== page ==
By Al Maimon
Last week we staffed a Seattle Sephardic Network table at the International Association of Jewish Genealogical Society's 2016 International Conference, held in Seattle. By all accounts it was very successful in getting the message out about our old community and new organization, while making some very interesting connections.
It really helped that we had such a variety of volunteers - including Sephardic book authors (Evelyn Blatt and Cynthia Flash Hemphill), Doreen Alhadeff - the first North American Jewish Spanish citizen, and Victor Alkana, the man with the massive Levantine Ladino-speaking genealogical database, and others prepared to have a conversation about a wide variety of subjects of Sephardic interest.
Our table in the exhibition hall became a hang out for a number of attendees. Long-time conference attendees were delighted to see the focus on Sephardic matters being represented. The two sign up raffle winners (two dozen biscochos each) were delighted (one said he didn’t think there would be any left to take on the plane home).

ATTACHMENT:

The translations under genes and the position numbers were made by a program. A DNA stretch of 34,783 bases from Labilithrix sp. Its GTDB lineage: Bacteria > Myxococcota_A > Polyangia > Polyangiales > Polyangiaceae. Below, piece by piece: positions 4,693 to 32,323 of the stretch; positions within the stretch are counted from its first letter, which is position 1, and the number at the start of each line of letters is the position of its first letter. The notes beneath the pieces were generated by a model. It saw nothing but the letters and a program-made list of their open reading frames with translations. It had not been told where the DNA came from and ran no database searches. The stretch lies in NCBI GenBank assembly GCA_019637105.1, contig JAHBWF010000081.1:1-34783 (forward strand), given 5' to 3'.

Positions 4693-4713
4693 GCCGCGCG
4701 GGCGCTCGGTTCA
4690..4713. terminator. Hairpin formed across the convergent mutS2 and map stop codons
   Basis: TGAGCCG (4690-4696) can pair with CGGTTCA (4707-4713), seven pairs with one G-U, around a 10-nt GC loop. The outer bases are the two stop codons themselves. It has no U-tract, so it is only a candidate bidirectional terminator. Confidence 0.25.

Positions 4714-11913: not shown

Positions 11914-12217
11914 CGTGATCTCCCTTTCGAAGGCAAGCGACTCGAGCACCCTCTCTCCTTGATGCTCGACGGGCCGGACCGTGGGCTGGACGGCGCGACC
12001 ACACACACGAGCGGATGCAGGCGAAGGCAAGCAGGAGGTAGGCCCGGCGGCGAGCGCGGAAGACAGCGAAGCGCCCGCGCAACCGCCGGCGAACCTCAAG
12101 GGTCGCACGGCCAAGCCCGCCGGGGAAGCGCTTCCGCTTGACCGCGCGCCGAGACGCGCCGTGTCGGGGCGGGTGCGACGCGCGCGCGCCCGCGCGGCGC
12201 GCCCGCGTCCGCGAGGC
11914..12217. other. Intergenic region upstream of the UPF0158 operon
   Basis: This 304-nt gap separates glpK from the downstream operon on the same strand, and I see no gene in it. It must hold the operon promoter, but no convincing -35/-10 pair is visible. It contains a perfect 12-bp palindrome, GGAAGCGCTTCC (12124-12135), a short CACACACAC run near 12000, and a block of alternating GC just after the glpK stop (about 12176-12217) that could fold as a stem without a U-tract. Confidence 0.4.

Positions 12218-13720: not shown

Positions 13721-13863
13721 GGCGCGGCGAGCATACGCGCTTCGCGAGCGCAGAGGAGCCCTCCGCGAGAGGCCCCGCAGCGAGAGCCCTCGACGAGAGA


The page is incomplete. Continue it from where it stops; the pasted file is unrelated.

A surprising number of folks from Eastern Europe came to the table and told of their family’s Sephardic connection (sometimes an oral tradition; sometimes well documented). Also, one especially fun aspect of the table was the “discovery” of family and friends by local attendees who have been working on their family trees, and who came to our table. It was a sight to see!
Another accomplishment at the conference was the recruitment of participants in a Technion genetic study of third generation Sephardic males. A highlight of this effort was the visit to the golf course to catch a group before their 8:30 am tee time to get the DNA of Mezistrano, Altaras, DeLeon, Halfon, Sadis, Mayo and Amira! (Ike Azose, David Behar and others spread the word on very short notice and have gotten good response - and will continue recruiting participants).
Going forward, we got ideas to somehow create a “space” for us to share a communal historical, genealogical and geographical information/display center to give ourselves (and others) a perspective on how broad and interconnected we are. I’m encouraged by seeing how much is already being done by individuals.
For all the volunteers, it was a rewarding experience and a “fun time” as well.
As we move on to the High Holidays, and New Year's resolutions, may we look forward to many alegrias together.